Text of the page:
Peter Corning writes at Psychology Today (two years ago):
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Who can object to the libertarian principles of individual freedom, personal responsibility, and the right to hold property – at least in the abstract? The problem is that the real world is never “abstract.” All philosophies must ultimately confront reality, and the more radical versions of libertarianism (there are many, from extreme anarchism to limited government “minarchism”) rely on terminally deficient models of human nature and society. Let’s (very briefly) take a look at the problem.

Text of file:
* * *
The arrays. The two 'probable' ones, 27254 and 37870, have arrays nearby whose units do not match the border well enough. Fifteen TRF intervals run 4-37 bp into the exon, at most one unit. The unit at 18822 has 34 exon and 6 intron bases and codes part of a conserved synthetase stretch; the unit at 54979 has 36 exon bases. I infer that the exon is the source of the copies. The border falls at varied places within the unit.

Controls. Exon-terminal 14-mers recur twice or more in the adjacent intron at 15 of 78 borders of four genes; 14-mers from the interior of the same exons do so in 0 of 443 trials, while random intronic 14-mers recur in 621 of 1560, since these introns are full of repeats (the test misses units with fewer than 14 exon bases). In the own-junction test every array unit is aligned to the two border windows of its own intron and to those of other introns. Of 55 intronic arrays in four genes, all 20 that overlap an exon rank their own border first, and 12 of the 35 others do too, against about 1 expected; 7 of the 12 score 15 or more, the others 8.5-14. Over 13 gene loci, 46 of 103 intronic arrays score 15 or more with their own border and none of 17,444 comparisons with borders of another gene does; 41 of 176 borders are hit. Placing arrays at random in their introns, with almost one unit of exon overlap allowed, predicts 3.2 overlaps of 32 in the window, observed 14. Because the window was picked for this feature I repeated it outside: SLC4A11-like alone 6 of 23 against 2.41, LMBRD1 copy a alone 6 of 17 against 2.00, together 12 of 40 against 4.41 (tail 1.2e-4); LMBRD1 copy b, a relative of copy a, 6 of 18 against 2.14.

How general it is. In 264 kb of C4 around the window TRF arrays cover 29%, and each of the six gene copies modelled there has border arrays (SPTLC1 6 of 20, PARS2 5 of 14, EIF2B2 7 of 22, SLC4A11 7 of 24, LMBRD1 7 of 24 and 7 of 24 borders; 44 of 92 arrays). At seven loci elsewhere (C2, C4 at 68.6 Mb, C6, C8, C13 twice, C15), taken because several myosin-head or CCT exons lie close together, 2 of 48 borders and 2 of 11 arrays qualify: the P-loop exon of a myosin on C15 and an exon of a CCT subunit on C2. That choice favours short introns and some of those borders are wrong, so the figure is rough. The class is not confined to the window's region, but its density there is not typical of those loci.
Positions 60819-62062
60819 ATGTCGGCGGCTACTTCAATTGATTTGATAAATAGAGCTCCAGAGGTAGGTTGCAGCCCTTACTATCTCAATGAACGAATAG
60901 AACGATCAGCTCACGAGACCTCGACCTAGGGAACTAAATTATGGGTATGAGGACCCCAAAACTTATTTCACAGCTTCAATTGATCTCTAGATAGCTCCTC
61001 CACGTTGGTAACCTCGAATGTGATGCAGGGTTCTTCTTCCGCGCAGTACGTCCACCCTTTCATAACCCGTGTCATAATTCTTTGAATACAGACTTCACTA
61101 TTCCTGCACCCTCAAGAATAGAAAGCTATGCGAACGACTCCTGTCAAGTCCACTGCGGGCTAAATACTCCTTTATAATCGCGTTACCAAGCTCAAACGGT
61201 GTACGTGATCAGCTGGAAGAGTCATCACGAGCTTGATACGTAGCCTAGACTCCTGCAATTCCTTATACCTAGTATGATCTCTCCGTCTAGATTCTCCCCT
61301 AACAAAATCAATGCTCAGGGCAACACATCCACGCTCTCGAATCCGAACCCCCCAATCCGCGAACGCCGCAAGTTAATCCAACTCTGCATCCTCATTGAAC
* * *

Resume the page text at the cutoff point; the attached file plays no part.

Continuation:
The libertarian model of individual psychology is grounded in the utilitarian, neo-classical economics model of “Homo economicus” (economic man). Our motivations can be reduced to the single-minded pursuit of our (mostly material) self-interests. Accordingly, mainstream economists seem to consider it their mission in life to help us do so more “efficiently.” The Nobel economist Amartya Sen many years ago scathingly characterized this simplistic model as “rational fools who are decked out in their one, all-purpose preference function.”
The selfish actor model of human nature was tacitly endorsed with the rise of “Neo-Darwinism” in evolutionary biology during the 1970s, as epitomized in biologist Richard Dawkins’ famous book The Selfish Gene.